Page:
By SUSAN LAHEY
Reporter with Silicon Hills News
That was the bottom line of the Austin Chamber of Commerce’s Austin Innovation Economy lunch Thursday at the Hyatt.
More than 350 people attended the event which looked at Austin’s plans for an Innovation Zone proposed to be from MLK Blvd. south to the river and from San Jacinto to I-35, according to Texas Sen. Kirk Watson. Watson has been named as incoming chair of the advisory committee for the project. The centerpiece of the project is the Dell Medical School at the University of Texas but Watson said the innovation zone will not only coordinate with Central Health (the county’s public healthcare district) and Seton but will also coalesce around art, software development, media and other elements of the community.At present, according to Dr. Clay Johnston, inaugural dean of the Dell Medical School, the medical field is leagues behind where it should be in terms of innovation.
“Doctors still use pagers,” he pointed out, “one of the least effective ways to communicate.”
The U.S. has one of the most expensive medical systems in the world, but life expectancy has only risen by less than a decade since the 1960s. In terms of actual care, he said, we’re comparable to Cuba.
The reason the medical field is so far behind is that the financial model for medical care depends on people being sick, on multiple procedures and doctor visits. Innovation creates efficiency, eliminating redundancy and therefore causing a loss of income.
There’s a built-in disincentive to innovate which means it’s time for a revolution in health care. One of the goals of the innovation zone is to make research through the University of Texas Dell Medical School and make it available for entrepreneurs to create that innovation revolution. The innovation center will create better access for collaboration, clinical trials and other advantages of critical mass in a medical practice, university and research setting.
Another speaker, Thomas G. Osha, managing director of innovation and economic development with Wexford Science and Technology which is a real estate investment company that helps develop research and innovation centers, said Austin has some distinct advantages as well as risks.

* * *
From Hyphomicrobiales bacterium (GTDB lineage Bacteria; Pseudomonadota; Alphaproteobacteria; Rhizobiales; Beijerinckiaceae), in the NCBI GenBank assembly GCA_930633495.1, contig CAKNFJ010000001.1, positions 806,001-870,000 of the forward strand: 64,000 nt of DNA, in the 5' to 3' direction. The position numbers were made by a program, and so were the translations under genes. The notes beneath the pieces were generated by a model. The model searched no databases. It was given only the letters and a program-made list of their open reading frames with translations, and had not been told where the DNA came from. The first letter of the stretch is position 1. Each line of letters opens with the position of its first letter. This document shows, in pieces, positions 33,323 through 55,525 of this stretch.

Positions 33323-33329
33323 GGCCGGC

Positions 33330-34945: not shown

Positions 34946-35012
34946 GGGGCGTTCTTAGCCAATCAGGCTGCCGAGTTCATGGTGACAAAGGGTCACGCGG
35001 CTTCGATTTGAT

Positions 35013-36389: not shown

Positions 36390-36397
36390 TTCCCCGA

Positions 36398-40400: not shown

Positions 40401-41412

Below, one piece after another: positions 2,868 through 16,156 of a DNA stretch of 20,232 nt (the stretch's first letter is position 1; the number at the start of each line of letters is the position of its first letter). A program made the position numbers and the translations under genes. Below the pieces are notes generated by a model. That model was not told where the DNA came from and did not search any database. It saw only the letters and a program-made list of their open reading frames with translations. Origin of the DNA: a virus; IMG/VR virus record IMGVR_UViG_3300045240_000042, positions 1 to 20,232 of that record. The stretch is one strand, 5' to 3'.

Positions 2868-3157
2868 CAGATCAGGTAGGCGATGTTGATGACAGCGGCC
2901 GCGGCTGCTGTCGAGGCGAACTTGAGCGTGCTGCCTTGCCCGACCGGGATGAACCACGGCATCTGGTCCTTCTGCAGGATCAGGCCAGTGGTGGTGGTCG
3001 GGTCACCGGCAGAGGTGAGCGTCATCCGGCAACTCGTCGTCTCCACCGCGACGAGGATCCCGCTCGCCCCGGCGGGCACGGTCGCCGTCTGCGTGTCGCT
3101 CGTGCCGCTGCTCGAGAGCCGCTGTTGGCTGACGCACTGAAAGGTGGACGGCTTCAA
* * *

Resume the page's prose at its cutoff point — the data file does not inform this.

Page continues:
Much of the funding for medical research, Osha said, has come from the National Institutes of Health and NIH funding is being significantly reduced. At the same time, research and development costs are skyrocketing, making medical research more exclusive. In addition, he said, a lot of people believe we’re creeping up on a new tech bubble “We’ve drifted from the lean startup model and are chasing ever sillier return models.” Moreover, he said, Austin does not have the talent pool yet to support the opportunity in life sciences and medical research.
Each of those situations, he said, presents an opportunity for Austin to differentiate itself.
“You have phenomenal things happening in music, art, culture, the innovation zone should be the thing that stitches all of those things together.” Austin needs to approach the innovation zone in a way that’s exclusively Austin, he said, including “open, thoughtful, creative, inclusive.” Other medical research and life sciences organizations are replacing NIH money with Department of Defense and Homeland Security money, he said. Startups in this space often require an investment of at least $10 million, which generally means the company gets pulled to one of the coasts where there is not only funding but access to institutions and opportunities for clinical trials. The creation of the innovation center, combined with the attractive Austin lifestyle might be able to counter that. People talk a lot about Boulder The lifestyle in Austin, plus the power of proximity can create an advantage that Silicon Valley lacks and Cambridge, Massachusetts is “losing a little bit,” Osha said.
“People always talk about Boulder and how they have five strong clusters. But those clusters never talk to each other. Cross pollination is the way to move forward.”